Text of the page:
Changing minds: A Jew in Asheville

Jerry Sternberg


In my ongoing campaign to persuade the local country clubs to revise their admission policies, what seemed like a perfect opportunity to further the cause presented itself one wet day in 1970.

It happened during the groundbreaking for the current YMCA on Woodfin Street. Just as the ceremony was about to begin, the heavens opened up, and we all scurried for cover. My car was parked close by, and I invited one of the leaders of the fundraising drive to take shelter with me there. I had worked with this gentleman on a number of civic endeavors, and he was always gracious and inspirational.

He was a very successful local businessman who commanded the respect of the entire community. Liberal, caring and very forward-looking, he was also well connected politically. And, even more to the point, I knew he was a member of the Asheville Country Club. So, seizing the moment while we were waiting in the car, I raised the delicate issue of the club’s deliberate exclusion of Jews.

The current policy, which had been in place for several decades, enabled the same two club members to blackball any Jewish person who was proposed for membership. I said it was time for a change, time to acknowledge that Jews were first-class citizens and to show them the respect they deserved.

I told this man that everyone considered him an outstanding community leader and that if he made a proposal to the board to require six blackballs to reject a proposed new member instead of two, I believed they would listen to him and it would go a long way toward resolving the problem.

He sat there quietly as the raindrops pounded on the windshield, and finally he turned to me and said, in all sincerity, “Jerry, I think the best thing the Jews could do is to build their own country club.”

A moment of despair

I was gobsmacked, and I couldn’t help but wonder: If a man of his stature and influence was still afraid to touch that third rail, then who in our community would ever be willing to take a lead role in making this long-needed change happen?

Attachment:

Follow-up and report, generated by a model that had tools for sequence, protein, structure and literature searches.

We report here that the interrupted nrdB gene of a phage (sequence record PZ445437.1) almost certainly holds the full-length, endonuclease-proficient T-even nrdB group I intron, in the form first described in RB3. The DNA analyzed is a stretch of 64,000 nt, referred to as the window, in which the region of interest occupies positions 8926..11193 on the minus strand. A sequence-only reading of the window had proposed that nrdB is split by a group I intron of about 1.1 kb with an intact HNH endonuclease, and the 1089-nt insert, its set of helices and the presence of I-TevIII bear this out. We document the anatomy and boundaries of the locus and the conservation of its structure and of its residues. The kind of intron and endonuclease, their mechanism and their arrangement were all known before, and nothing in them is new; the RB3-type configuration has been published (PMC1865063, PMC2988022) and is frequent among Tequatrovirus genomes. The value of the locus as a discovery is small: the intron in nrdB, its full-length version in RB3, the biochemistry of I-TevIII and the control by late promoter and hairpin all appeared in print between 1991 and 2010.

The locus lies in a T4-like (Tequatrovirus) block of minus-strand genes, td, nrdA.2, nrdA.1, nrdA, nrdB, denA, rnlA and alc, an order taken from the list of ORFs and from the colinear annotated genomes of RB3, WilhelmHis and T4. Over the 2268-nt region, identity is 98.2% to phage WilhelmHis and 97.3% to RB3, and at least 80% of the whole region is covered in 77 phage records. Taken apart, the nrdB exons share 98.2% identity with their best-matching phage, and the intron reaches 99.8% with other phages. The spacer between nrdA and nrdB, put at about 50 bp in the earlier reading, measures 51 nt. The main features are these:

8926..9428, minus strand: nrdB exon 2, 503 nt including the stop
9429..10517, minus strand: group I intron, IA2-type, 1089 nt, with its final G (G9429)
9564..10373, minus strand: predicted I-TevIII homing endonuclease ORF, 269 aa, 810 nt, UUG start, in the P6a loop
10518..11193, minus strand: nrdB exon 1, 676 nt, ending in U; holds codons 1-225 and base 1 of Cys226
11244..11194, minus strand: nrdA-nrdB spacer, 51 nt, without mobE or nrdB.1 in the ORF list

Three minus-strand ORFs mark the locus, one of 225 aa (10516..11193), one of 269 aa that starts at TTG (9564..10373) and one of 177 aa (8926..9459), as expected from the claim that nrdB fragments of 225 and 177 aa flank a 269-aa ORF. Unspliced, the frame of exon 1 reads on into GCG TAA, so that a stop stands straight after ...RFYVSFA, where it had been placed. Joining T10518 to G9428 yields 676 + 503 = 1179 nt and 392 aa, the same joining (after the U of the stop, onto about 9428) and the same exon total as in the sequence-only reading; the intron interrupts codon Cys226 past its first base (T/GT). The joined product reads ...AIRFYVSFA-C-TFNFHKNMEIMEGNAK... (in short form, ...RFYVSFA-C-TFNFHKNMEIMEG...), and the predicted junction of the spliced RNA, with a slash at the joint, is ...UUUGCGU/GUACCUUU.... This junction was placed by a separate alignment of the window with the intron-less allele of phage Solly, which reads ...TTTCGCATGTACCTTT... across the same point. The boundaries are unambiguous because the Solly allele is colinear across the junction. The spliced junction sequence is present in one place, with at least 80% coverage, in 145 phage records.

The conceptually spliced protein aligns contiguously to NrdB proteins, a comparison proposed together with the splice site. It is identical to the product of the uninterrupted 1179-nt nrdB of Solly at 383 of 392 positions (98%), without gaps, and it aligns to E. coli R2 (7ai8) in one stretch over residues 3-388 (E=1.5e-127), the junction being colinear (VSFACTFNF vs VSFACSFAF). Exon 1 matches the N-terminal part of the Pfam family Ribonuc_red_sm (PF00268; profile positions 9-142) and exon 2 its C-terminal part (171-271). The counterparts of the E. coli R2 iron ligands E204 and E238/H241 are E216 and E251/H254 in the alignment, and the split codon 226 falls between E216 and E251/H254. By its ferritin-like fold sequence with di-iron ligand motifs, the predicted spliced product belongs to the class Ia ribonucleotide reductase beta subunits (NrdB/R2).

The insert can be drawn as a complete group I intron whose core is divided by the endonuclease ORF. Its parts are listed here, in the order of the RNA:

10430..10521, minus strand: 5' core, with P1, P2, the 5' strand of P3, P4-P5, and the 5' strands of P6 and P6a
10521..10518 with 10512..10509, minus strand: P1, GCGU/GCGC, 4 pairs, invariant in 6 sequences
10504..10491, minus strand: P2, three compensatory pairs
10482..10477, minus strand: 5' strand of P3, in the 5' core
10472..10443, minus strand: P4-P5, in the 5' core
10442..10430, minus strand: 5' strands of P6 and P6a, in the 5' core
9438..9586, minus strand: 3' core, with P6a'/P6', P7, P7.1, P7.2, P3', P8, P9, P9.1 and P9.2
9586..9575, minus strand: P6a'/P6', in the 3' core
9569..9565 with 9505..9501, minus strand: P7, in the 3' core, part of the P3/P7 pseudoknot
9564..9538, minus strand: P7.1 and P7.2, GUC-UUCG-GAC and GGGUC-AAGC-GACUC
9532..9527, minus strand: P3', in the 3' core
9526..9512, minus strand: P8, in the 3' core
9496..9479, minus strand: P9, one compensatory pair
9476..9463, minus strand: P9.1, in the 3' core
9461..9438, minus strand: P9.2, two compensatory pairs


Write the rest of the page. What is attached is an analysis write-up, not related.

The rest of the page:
Happily, all was not lost, but don’t take my word for it. Here is how Rob Neufeld, our outstanding and much-mourned local historian, explained it in his “Visiting Our Past” column in the Citizen-Times on April 19, 2015:

“In 1976, another golf-loving newcomer to Asheville stepped in to provide the Country Club of Asheville its next big boost. Mitchell Wolfson, a Jewish multimedia magnate and horse breeder from Miami who bought WLOS-TV in 1958 and also bought the Lake View Park golf course, arranged to have the country club sell its course to the Grove Park Inn and use the money to buy the Lake View course and build a new clubhouse, tennis courts and pool.”

Fortuitously, this was also a time when the club’s older leaders were beginning to give way to a younger generation — one of whom, a very fine young man, operated a business that counted me among its clients.

At my request, he arranged for me to come and speak to his board. I was received with respect and courtesy as I once again gave my “stump speech,” explaining the indignities that members of the Jewish community had endured under the club’s blackball policy while pointing out that the same two members had effectively managed to exclude Jews from membership for decades.

I added that I had spoken to many club members and had the feeling that if Jewish people were allowed to join, they would be welcomed by a majority of the membership. I went on to suggest that changing their requirement from two blackballs to six would more accurately represent current club members’ sentiments.

I also assured them that I wasn’t making this request for myself, stating plainly that I had no intention of ever joining their club but felt strongly that this change would greatly benefit both communities.